In the event that inflation is persistent, it could be a challenge for investors approaching retirement who have larger balances, less inflation sensitivity in their wages, and shorter time horizons until retirement.3 It’s important for these investors to consider holding appropriate-sized allocations to investments that are more inflation-sensitive such as TIPS, Real Estate, and Commodities. They could also utilize a well-designed target date fund. Relying on conservative investments like bonds, stable value or money markets can be a risky proposition in times of persistent inflation times. 

Staying invested even through volatility

2021 was an exceptional year in the markets, so it’s reasonable to expect a return to something that seems a bit more “normal.” A normal market, however, involves some volatility, which in the short-term, can make people uncomfortable.

Even if a participant in a target date fund is not close to retirement, instincts may make them still want to scale back. It can be frustrating to see balances go down -- or their dollars buy less -- even in a long-term investment like a retirement plan.

But let’s take a closer look. The recent volatility has little to do with underlying stock market fundamentals. BlackRock believes the recent market concerns are rooted in rates and inflation.4 Volatility will likely persist as the Federal Reserve pulls back the stimulus policies put in place early in the pandemic.

It’s important that participants know that, historically, stock market downturns are often followed by a period of positive market performance. Since 1987, every major decline in U.S. equities has reversed itself between 21% and 68% within the following year.5 Research also shows that participants who keep contributing to their retirement plans have the potential to take advantage of these market recoveries. For example, those who stayed in their plan from 2007 through 2013 saw their average account balances increase by 86%.5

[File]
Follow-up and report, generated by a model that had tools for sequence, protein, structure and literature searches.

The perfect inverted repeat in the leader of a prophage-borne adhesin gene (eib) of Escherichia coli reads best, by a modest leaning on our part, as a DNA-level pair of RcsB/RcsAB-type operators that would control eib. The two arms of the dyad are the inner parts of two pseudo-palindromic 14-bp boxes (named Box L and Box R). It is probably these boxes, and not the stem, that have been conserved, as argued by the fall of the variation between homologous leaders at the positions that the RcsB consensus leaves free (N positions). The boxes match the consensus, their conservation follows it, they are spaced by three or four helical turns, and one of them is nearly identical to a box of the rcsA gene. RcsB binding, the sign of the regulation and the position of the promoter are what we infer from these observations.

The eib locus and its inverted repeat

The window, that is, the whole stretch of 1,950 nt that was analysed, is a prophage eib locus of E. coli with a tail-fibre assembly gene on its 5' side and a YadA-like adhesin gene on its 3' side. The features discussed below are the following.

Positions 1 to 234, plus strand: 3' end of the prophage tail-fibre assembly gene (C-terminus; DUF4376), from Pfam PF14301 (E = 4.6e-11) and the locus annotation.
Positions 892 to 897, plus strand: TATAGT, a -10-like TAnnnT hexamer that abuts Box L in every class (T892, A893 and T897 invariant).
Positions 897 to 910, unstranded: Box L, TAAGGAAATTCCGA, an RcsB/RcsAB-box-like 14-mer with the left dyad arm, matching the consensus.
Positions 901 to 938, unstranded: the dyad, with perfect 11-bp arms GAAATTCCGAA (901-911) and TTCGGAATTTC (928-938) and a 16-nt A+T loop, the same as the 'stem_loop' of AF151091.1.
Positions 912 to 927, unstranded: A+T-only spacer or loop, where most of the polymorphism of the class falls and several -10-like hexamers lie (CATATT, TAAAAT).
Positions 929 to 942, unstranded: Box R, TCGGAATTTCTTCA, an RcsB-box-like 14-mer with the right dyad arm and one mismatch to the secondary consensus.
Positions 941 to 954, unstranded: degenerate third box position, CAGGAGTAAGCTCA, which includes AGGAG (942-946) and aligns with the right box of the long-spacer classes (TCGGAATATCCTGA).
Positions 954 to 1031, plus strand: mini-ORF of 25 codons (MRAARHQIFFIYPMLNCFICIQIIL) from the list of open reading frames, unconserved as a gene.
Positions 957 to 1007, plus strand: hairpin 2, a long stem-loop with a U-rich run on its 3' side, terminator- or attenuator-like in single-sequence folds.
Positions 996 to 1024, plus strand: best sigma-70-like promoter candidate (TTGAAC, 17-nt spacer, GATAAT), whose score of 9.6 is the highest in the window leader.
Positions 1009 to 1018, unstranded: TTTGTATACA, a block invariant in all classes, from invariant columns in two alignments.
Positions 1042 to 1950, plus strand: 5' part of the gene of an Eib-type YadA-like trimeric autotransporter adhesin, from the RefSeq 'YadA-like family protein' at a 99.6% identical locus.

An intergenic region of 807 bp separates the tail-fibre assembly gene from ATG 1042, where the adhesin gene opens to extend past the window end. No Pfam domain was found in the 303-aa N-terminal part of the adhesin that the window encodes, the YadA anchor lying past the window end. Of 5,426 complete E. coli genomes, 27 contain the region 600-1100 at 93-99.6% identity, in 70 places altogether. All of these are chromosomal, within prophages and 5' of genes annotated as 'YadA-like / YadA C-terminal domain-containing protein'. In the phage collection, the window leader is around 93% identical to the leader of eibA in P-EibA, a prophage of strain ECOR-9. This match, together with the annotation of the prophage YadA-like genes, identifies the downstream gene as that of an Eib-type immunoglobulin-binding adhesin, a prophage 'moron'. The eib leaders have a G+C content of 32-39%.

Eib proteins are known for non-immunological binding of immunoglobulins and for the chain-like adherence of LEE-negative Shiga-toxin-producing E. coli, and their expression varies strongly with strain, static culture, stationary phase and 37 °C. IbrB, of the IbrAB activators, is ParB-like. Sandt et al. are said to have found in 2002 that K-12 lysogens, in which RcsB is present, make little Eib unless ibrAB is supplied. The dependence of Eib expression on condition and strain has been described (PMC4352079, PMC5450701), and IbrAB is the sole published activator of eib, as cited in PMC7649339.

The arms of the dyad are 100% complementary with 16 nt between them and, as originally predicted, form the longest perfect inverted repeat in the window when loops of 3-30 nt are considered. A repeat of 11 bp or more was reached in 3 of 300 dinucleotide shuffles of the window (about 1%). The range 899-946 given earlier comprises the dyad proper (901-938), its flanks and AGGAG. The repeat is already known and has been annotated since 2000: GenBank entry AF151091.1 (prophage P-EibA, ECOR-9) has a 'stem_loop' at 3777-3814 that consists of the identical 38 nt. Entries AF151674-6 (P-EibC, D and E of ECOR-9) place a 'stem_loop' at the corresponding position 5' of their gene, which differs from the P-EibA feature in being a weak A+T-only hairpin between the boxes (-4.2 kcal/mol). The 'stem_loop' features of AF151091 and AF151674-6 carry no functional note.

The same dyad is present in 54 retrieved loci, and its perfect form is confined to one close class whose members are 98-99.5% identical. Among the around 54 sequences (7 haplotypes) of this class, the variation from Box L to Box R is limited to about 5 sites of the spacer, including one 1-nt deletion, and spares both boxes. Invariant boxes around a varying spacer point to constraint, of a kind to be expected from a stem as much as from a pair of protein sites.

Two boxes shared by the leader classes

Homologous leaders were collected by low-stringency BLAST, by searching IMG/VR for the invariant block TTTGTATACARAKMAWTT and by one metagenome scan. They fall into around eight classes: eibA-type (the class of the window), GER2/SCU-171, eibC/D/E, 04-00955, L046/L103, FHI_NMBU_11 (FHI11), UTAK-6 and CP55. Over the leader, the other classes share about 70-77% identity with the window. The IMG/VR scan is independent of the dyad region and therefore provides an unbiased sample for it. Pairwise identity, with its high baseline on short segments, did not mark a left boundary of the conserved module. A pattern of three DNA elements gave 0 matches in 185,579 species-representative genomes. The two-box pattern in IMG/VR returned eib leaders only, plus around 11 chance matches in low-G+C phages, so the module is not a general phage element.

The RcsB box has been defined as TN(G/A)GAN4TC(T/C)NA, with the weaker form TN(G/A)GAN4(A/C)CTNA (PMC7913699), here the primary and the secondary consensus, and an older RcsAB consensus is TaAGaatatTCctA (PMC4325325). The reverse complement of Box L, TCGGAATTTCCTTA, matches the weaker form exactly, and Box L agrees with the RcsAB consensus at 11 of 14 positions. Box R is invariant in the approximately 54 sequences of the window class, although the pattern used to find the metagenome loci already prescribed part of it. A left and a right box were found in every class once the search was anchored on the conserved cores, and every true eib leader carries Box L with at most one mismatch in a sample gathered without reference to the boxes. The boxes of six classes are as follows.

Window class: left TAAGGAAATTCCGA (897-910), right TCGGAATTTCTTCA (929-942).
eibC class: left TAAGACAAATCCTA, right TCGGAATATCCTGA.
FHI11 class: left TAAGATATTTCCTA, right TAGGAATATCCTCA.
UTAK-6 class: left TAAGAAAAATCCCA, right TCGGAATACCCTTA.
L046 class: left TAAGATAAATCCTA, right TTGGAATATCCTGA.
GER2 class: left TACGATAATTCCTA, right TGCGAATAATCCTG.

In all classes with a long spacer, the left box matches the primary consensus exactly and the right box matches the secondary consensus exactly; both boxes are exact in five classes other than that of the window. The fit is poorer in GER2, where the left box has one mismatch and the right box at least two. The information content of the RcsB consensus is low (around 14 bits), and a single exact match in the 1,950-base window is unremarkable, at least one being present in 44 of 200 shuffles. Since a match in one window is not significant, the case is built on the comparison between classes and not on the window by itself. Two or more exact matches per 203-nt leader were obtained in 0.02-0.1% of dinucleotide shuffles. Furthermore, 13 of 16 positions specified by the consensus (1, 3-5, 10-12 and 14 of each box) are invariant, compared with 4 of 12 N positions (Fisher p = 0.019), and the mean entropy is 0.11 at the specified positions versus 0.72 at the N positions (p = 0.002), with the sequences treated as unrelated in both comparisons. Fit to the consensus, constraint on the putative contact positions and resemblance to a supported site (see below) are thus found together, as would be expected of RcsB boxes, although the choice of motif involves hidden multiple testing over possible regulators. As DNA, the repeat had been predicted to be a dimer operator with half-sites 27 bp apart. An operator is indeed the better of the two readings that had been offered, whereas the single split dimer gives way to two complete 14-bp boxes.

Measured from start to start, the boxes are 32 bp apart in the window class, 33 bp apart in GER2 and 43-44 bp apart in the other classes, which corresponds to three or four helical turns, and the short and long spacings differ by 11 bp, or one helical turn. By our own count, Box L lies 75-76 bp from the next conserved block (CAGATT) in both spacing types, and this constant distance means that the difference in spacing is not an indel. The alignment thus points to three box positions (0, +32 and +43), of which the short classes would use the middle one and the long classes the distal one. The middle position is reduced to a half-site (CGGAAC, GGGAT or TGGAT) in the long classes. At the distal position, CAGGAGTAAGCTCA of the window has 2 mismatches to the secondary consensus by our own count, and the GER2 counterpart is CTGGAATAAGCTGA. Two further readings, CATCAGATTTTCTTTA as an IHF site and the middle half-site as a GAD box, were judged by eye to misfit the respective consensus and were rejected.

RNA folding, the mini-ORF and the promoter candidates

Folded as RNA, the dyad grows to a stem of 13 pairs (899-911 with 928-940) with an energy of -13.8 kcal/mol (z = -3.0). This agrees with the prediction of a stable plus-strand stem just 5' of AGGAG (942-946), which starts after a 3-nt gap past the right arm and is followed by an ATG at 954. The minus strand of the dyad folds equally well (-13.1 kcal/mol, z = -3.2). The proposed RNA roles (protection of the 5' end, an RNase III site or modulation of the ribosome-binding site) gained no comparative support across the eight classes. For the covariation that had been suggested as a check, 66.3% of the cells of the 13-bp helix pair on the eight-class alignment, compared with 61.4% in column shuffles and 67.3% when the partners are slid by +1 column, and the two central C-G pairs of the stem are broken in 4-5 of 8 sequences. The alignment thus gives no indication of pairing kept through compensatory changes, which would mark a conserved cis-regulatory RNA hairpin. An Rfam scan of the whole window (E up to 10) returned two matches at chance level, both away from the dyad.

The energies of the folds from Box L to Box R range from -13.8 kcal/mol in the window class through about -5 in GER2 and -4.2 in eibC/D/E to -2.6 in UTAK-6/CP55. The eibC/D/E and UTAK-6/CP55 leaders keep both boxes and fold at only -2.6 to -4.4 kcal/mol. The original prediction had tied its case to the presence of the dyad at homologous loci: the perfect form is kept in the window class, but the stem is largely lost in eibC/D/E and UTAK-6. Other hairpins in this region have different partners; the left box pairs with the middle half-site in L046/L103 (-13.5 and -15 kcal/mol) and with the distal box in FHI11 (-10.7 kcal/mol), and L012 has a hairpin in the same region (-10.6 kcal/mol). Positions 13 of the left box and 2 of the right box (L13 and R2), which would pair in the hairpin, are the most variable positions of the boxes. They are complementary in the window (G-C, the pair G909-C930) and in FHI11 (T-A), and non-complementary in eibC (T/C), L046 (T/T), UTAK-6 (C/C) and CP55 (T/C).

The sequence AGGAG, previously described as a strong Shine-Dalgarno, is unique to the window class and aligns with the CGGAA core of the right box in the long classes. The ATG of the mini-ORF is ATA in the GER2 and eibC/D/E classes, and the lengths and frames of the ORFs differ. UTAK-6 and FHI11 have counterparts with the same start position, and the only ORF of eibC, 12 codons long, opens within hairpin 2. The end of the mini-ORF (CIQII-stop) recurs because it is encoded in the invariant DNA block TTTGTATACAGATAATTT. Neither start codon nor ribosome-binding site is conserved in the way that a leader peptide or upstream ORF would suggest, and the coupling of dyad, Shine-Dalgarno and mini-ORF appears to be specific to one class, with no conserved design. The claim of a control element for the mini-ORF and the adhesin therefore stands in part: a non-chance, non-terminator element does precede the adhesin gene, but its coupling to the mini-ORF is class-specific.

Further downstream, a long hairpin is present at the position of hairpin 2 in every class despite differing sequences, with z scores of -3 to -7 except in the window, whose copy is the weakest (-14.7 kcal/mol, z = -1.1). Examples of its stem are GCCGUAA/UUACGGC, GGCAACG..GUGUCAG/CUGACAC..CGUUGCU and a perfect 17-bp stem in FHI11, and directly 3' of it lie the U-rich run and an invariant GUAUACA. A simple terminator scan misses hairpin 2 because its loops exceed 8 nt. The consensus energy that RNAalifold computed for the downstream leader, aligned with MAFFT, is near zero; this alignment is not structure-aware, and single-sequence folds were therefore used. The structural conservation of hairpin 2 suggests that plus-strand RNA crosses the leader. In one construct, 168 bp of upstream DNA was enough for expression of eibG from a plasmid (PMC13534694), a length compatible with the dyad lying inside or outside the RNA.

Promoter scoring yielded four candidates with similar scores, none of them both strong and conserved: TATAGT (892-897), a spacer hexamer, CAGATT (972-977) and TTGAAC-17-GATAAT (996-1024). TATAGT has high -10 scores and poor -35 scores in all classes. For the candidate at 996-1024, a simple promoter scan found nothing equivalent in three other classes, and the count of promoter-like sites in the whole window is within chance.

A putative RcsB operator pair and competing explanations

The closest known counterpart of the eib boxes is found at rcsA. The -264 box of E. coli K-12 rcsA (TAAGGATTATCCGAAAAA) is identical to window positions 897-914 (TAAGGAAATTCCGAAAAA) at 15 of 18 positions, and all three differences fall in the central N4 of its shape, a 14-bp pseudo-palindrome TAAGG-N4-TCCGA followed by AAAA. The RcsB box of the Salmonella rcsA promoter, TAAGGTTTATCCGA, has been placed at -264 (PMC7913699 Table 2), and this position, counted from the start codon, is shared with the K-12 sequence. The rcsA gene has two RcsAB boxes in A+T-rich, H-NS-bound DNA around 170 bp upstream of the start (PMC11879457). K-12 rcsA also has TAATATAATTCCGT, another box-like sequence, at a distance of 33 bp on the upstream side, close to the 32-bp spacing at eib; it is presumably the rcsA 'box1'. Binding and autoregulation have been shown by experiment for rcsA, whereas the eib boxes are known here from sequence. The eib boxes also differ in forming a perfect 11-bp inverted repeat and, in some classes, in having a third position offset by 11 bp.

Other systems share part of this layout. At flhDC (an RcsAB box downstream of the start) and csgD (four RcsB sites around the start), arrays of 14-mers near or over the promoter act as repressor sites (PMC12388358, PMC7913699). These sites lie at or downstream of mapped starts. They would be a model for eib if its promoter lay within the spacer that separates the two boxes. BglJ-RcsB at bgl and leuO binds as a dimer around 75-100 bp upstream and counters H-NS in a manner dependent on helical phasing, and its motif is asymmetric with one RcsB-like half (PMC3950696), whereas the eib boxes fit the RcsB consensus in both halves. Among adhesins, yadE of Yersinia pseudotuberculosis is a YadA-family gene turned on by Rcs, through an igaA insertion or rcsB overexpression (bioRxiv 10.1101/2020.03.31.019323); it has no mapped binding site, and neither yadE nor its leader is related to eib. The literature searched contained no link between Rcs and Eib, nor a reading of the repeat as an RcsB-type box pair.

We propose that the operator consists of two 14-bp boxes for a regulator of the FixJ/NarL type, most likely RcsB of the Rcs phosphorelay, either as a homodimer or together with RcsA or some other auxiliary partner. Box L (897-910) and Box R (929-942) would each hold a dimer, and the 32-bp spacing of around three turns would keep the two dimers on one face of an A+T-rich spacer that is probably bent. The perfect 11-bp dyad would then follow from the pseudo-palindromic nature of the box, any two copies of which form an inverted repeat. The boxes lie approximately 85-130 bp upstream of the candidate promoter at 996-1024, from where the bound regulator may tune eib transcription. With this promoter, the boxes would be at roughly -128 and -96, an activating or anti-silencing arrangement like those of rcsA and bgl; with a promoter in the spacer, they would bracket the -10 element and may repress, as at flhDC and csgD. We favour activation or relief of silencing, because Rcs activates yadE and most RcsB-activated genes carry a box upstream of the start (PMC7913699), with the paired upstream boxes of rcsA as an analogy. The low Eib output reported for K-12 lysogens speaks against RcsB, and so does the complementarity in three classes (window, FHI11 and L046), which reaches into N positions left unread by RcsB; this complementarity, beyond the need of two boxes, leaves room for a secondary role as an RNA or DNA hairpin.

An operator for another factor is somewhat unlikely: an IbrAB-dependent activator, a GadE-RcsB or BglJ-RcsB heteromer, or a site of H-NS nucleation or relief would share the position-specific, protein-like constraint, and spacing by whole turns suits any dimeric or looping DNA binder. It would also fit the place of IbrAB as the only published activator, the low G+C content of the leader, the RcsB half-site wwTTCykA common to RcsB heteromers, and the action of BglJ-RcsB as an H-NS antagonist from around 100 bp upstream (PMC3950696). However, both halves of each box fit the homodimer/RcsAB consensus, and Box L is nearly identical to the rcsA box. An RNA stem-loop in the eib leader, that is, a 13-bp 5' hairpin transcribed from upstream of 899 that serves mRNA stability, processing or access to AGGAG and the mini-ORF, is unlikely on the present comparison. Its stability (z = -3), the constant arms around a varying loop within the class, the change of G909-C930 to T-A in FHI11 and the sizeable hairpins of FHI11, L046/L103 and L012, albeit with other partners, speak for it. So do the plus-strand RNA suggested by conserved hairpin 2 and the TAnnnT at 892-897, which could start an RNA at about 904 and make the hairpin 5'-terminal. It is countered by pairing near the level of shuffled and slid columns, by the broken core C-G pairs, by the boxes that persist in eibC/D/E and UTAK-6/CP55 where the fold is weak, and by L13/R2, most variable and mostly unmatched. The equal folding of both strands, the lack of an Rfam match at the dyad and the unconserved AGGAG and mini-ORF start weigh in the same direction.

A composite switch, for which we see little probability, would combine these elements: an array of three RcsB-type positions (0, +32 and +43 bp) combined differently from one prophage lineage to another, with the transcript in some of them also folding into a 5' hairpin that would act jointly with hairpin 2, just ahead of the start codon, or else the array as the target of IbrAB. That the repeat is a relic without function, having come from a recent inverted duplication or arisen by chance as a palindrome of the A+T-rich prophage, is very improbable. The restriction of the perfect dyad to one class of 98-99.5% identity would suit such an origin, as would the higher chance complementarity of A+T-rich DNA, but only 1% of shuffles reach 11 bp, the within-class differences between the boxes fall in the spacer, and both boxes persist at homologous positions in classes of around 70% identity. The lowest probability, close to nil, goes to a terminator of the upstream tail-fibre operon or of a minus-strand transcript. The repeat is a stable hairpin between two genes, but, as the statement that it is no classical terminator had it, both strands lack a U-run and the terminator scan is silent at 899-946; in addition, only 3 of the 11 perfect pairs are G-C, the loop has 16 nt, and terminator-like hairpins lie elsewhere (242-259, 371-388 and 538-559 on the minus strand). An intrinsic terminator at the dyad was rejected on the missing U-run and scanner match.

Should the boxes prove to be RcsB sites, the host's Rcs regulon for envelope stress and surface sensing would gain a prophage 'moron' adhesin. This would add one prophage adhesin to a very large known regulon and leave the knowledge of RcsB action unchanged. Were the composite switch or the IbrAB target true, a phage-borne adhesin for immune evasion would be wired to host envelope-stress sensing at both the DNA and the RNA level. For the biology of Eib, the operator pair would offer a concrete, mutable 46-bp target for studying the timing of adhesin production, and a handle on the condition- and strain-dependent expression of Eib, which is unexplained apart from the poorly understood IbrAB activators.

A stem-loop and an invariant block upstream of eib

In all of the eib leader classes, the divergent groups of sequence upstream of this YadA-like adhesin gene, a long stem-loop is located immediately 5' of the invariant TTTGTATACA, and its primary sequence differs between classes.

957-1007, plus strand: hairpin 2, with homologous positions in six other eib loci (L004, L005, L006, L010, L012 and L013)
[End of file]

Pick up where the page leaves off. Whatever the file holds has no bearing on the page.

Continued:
Table showing that since 1987, every major decline in U.S. equities has reversed itself between 21% and 68% within the following year.

Source: Morningstar as of 2/28/20. Returns are principal only not including dividends. U.S. stocks represented by the S&P 500 Index. Past performance does not guarantee or indicate future results. Index performance is for illustrative purposes only. You can’t invest directly in an index

The bottom line

Despite the double concern of inflation and market volatility, participants should consider staying the course, largely so that they don’t miss out on any potential market upturns. It's another good reason why a target date fund, if constructed with sufficient downside protection and adequate inflation hedging, can be the best option for most participants. In addition to being structured with age-appropriate investments, with a long-term strategy, they can also offer built-in protections from inflation.